The Daiquiri is one of six basic drinks listed in David A. Embury's classic The Fine Art of Mixing Drinks. In the book, he also suggests some variations, such as substitute part or all of syrup with grenadine.
Originally the drink was served in a tall glass packed with cracked ice. A teaspoon of sugar was poured over the ice and the juice of one or two limes was squeezed over the sugar. Two or three ounces of rum completed the mixture. The glass was then frosted by stirring with a long-handled spoon. Later the Daiquiri evolved to be mixed in a shaker with the same ingredients but with shaved ice. After a thorough shaking, it was poured into a chilled flute glass. An article in the March 14, 1937 edition of the Miami Herald as well as private correspondence of J.F. Linthicum confirm the recipe and early history.
Consumption of the drink remained localized until 1909, when Admiral Lucius W. Johnson, a U.S. Navy medical officer, tried Cox's drink. Johnson subsequently introduced it to the Army and Navy Club in Washington, D.C., and drinkers of the daiquiri increased over the space of a few decades. The daiquiri was one of the favorite drinks of writer Ernest Hemingway and president John F. Kennedy.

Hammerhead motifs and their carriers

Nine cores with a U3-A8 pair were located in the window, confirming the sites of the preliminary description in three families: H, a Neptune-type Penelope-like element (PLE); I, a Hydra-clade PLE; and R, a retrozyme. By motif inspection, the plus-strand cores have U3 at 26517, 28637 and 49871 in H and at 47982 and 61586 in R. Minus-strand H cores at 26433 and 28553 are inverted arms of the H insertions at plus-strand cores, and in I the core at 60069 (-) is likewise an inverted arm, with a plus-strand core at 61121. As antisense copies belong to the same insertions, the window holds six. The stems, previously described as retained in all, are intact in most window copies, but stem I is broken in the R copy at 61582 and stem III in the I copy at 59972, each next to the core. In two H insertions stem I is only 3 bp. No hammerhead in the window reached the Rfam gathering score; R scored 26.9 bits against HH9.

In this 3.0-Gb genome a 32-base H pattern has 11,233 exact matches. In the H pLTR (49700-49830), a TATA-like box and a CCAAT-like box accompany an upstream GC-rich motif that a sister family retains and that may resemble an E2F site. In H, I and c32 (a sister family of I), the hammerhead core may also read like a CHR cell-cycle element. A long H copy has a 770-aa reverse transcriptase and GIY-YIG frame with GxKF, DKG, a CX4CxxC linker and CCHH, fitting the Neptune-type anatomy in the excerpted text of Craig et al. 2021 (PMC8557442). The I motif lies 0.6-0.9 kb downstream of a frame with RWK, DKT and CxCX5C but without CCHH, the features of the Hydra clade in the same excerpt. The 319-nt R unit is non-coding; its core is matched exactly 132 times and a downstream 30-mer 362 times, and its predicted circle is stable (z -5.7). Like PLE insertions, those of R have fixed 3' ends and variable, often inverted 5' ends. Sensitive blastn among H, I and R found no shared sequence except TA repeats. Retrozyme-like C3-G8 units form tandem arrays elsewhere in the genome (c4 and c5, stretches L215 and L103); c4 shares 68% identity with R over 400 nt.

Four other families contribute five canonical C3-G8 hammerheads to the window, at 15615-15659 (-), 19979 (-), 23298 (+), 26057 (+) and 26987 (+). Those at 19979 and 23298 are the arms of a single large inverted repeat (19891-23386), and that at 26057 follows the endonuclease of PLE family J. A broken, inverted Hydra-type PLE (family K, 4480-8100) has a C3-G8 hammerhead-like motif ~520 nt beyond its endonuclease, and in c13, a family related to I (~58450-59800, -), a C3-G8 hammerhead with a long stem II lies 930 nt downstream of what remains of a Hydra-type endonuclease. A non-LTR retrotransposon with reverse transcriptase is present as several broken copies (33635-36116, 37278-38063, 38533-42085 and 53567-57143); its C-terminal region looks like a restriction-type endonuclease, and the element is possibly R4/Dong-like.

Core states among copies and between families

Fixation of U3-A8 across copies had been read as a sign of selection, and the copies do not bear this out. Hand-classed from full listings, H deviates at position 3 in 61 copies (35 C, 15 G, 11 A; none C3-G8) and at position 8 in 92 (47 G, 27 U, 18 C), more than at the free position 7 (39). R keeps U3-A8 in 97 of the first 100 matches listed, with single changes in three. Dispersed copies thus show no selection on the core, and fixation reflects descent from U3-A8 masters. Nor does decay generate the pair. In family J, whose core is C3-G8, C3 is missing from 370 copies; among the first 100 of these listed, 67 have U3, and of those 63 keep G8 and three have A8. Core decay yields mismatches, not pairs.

The drink became incredibly popular in the 1940s. Wartime rationing made whiskey, vodka, etc, hard to come by, yet because of Roosevelt's Good Neighbor policy (which opened up trade and travel relations with Latin America, Cuba and the Caribbean), rum became highly attainable. The Good Neighbor Policy (also known as 'The Pan-American program'), helped make Latin America seem fashionable. As a consequence, rum-based drinks (once frowned upon as being the domain of sailors and down-and-outs), also became fashionable, and the Daiquiri saw a tremendous rise in popularity in the US.
The basic recipe for a Daiquiri is also extremely similar to what British sailors drank aboard ship from the 1740s onwards - Grog - which is basically rum mixed with sweetened preserved lime juice and water. This was a common drink across the Caribbean, and as soon as ice became available this was included instead of the water. Jennings-Cox's story is certainly a popular one & maybe he was responsible for the naming of the drink, but as far as creating it he was about 150 years late.